6 September 2019 | gortx
Very fine Doc on Miles Davis which serves as a Biography on film
Stanley Nelson's documentary MILES DAVIS: BIRTH OF THE COOL attempts to be a full biography on film. That it succeeds so well, is a testament to the long time documentarian - and to the magnificence of its subject, jazz legend Miles Davis.
Nelson tells the tale in a fairly straight-forward and, largely, chronological order. From his childhood in an upper middle-class black family in Illinois to his fast rise as a teenage wonder on the trumpet to his status as one of the true pioneers of jazz. Nelson makes the wise choice of having Davis' own words 'narrate' his own story (beautifully voiced by actor Carl Lumbly). Virtually all of the music heard in the Doc is Davis' (music by other performers is specifically cited as such; too bad Nelson isn't as detailed when it comes to keeping the proper aspect ratio of existing footage).
Woven through the movie is Davis' struggle against racism, which he discovers at an early age despite his family's relative wealth. While understandable in part, Davis was also prone to resentment and violence (particularly against women -- all of his relationships seem to have ended with the women leaving). Nelson doesn't shy away from the truth here, but never dwells upon it, either.
Of course, the emphasis here is on Davis' music. And, what music the viewer gets to hear over the course of the (just under) two hours. Beginning with his work with Charlie Parker and others in the mid-40s, Davis was soon his own band leader and began recording with Gil Evans (a white Arranger with whom Davis would have a long simpatico relationship). Davis spent three semesters at Julliard, which showed his passion for the intense study of the musical form, dispelling the notion that everything in Davis' repertoire was improv. Davis was a master improvisational trumpet player, but, it came from an informed place (something he later tried to imbue in his fellow band members). Davis continued to perform right up to his passing in 1991 at 65.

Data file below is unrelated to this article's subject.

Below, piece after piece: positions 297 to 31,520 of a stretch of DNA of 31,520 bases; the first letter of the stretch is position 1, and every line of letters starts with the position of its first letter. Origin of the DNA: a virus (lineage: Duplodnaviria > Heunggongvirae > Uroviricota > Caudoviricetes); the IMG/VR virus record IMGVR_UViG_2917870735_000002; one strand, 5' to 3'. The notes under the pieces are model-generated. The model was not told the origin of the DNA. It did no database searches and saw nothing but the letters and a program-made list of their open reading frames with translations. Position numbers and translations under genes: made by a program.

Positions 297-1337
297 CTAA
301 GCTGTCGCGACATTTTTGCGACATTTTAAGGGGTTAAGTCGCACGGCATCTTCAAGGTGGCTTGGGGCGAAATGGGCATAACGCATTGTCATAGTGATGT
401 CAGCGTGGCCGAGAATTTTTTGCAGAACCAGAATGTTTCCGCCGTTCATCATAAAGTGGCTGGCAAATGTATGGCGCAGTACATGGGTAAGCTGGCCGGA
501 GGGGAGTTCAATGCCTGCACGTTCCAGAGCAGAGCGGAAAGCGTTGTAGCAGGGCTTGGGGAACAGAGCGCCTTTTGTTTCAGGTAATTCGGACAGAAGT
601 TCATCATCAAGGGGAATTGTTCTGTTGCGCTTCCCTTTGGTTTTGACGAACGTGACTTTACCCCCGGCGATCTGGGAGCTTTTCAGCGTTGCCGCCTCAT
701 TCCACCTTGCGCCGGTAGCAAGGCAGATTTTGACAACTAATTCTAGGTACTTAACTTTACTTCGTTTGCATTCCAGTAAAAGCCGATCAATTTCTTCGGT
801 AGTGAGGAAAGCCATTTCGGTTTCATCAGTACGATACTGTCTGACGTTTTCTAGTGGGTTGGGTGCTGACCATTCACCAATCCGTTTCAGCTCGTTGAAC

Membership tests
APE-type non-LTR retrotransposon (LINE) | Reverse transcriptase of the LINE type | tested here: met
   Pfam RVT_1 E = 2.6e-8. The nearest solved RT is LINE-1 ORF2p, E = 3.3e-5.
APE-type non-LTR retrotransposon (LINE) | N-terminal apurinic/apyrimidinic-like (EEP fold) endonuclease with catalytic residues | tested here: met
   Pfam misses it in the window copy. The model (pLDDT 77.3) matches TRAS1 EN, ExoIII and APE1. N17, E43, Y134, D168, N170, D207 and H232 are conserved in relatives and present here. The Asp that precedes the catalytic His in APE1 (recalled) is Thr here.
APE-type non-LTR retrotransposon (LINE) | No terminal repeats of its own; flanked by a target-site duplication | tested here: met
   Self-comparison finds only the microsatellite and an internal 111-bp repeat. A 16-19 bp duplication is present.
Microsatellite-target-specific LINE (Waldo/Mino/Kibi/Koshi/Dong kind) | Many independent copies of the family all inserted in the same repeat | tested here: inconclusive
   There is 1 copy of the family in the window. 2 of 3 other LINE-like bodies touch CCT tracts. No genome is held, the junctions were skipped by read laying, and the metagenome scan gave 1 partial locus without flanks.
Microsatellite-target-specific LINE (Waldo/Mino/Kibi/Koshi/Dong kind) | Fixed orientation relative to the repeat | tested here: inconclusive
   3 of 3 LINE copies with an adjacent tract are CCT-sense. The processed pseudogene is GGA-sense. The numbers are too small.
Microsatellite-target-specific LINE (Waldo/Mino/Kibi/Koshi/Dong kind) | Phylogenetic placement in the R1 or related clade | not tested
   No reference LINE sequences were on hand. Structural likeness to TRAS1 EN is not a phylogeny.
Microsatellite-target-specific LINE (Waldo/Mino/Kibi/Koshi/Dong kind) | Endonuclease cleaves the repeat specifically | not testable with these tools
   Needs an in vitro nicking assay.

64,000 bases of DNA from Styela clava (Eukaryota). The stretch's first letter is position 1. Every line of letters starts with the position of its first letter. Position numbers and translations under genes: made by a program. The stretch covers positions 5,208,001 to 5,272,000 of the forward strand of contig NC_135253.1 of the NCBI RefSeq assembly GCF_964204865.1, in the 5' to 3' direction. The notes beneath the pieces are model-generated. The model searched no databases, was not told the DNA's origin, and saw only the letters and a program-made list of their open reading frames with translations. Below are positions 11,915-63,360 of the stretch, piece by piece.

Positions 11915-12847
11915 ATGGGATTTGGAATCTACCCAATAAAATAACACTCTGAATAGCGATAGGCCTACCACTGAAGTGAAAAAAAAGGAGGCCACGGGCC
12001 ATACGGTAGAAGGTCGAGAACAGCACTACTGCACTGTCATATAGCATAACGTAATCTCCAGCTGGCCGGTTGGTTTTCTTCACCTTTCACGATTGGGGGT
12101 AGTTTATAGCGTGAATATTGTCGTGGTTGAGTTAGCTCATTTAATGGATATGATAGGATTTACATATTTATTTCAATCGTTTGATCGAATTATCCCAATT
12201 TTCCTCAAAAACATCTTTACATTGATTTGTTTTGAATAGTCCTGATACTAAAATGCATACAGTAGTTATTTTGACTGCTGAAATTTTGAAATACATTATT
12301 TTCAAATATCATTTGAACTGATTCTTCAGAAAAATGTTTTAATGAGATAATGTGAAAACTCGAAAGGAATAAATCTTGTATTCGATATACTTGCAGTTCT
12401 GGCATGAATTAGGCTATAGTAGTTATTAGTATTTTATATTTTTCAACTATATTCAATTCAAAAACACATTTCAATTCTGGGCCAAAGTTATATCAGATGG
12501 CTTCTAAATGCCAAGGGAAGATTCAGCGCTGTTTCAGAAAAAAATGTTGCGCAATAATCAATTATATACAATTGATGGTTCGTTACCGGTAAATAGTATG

One of the things that makes COOL so satisfying is that Nelson was able to reach so many people who worked with and, loved, Davis. Everyone from French Actress Juliette Gréco to former wife Frances Taylor (who practically steals the movie with her verve and bravado) to musicians Herbie Hancock, Wayne Shorter and Ron Carter. Carlos Santana and Quincy Jones are also on hand to provide the perspectives of those who were influenced by his work. Using Davis' own words is invaluable, but, so is the input of those who were there to give another point of view.
The only major quibble with Nelson's Doc is that the strict birth to death structure diminishes the kind of emotional and distinctive pull that a less rigid format would have allowed. The movie was co-produced by PBS's American Masters series, which may account for that straight-forwardness (although the sometimes very blue language will have the PBS censors with their fingers on the bleep button...a lot!). A movie about jazz should be a bit looser. Still, COOL is a terrific accomplishment; Whether one is a jazz newbie or an aficionado, one will find a lot here to that satisfies.